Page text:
We then came home and waited for my parents to come and pick us up to go out to visit Pam and David. It’s always so nice to go over there because it’s so relaxed and comfortable. The food was great, the company was fantastic, and it was really a great way to spend the afternoon. I got to see some people I haven’t seen in a while, and I was really happy with the way things went. It’s always so nice to spend time with them because there isn’t any pressure. One day, I’m going to get Pam and David a sign to go over there front door that says, “Come as you are” because I feel like that’s completely the mentality. It’s great.

Then we came home and rested for about a half hour and trekked down to Grandma Lanette’s, which is always a good time. We had more great food, an epic Easter egg hunt, a lot of story telling, and even more laughter. And, of course, holding the baby is always pretty sweet. Especially because he doesn’t always cry when I hold him, and he hasn’t spit up on me yet. Overall, Tyler and I are off to a great start.

So, you might be wondering about my blog title. Really, I’m just hoping I beat Dan to it. Basically, this is what I’m going to call Dan for the rest of my functioning life. And that’s because, well, I mean, can you say it without giggling?

Nicknames stick to people, and the most ridiculous are the most adhesive.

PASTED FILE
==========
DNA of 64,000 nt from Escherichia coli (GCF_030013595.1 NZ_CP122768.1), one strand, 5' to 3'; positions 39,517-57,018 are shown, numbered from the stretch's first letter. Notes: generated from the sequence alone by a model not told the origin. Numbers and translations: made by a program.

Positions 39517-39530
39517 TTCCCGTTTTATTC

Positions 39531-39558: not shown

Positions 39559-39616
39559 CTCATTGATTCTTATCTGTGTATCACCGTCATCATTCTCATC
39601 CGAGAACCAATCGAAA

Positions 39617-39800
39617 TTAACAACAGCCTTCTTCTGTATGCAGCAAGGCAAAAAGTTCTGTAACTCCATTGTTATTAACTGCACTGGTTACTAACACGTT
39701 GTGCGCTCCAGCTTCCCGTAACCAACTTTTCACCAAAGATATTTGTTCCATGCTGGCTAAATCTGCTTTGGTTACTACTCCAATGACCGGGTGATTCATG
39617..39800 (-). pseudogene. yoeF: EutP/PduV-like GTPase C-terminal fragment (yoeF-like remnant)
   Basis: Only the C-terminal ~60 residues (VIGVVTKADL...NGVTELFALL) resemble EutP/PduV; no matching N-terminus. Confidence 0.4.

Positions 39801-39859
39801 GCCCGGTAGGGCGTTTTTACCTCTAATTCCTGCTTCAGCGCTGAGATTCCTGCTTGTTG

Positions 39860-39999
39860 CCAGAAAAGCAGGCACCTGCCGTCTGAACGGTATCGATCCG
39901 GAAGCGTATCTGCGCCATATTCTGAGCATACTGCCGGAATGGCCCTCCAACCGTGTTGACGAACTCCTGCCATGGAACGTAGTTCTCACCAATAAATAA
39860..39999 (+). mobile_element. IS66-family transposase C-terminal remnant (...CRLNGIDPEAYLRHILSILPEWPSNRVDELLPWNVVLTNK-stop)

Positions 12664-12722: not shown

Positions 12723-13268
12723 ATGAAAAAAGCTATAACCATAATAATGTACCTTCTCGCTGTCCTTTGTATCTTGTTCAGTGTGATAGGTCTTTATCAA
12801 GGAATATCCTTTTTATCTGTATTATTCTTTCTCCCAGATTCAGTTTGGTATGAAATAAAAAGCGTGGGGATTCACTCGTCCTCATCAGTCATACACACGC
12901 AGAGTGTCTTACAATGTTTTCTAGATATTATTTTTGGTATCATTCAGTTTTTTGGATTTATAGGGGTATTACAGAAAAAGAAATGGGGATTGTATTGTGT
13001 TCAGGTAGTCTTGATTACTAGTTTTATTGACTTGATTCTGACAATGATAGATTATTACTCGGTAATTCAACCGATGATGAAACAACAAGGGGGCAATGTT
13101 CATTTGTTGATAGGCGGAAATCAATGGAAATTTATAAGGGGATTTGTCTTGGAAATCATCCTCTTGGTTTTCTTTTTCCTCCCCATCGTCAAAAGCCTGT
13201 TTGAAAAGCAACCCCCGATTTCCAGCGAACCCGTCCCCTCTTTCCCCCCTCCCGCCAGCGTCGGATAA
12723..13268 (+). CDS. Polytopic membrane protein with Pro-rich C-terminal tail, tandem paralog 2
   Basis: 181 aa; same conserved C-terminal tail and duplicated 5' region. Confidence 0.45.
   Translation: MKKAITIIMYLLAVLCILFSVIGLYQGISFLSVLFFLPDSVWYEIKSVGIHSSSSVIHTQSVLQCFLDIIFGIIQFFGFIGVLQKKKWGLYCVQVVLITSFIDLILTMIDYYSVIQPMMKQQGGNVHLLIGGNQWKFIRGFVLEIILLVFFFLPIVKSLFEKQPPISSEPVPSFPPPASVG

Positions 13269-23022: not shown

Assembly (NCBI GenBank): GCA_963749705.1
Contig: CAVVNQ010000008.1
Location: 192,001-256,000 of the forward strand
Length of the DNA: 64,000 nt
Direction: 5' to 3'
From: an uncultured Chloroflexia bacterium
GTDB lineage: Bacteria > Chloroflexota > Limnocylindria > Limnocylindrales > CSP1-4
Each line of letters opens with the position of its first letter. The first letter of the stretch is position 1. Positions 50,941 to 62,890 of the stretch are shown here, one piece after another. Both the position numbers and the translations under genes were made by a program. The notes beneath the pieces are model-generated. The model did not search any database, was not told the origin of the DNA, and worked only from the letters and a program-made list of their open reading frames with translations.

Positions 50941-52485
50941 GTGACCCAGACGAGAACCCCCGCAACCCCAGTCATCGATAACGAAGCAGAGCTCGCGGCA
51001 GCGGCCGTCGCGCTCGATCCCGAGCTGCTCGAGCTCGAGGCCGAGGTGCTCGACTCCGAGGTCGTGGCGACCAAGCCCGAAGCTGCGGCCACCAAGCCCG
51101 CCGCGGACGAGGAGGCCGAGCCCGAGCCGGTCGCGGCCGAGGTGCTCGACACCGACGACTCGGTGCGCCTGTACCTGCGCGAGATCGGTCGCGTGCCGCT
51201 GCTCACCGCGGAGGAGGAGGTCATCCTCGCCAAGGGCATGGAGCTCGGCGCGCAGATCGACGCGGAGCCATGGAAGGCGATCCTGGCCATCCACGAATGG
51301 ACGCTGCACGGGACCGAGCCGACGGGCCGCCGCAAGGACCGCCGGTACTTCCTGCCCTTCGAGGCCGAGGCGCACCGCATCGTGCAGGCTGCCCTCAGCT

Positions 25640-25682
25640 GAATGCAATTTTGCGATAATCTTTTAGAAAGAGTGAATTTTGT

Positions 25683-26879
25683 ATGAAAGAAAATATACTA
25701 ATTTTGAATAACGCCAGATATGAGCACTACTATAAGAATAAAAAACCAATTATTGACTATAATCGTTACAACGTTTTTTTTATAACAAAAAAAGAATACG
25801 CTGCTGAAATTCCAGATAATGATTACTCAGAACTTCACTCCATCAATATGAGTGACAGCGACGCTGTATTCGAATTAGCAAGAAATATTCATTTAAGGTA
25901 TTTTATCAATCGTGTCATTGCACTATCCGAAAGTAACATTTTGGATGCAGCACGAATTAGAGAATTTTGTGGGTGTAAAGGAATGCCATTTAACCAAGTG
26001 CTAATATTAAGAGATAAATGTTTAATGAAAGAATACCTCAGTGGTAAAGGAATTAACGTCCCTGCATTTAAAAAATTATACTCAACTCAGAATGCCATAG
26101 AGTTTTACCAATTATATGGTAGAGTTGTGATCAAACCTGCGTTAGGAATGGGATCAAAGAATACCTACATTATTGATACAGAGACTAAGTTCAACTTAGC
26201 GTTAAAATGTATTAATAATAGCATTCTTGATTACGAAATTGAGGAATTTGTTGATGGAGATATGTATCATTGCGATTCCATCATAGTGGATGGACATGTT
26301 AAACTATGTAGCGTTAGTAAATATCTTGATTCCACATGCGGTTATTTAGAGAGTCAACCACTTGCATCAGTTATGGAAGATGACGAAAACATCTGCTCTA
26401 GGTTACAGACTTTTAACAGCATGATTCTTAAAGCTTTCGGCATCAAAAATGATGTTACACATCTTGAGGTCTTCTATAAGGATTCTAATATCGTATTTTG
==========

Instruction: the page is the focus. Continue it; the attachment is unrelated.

~Thomas C. Haliburton


I bought my first broom today. I’ve been married and living outside of my parent’s house for four months, but I haven’t bought a broom until today. It wasn’t until I looked at it happily and touched it’s bristles that I realized what’s going on:

I’ve caught the homemaker bug. All of a sudden, all I want to do is clean and decorate.

I think that three years ago, I would’ve looked at myself and shuddered. Ugh. Women are always giving up blah blah blah blah to become housewives. I dreaded that idea all through high school. There was nothing I wanted less than to just become the little woman. And I knew I couldn’t marry anyone who would force me into that role because I would resent him forever. But I’m pretty much content. And I don’t feel like I’ve sacrificed anything to be a wifey. I feel like I’ve gained more than I could ever explain. But that’s me.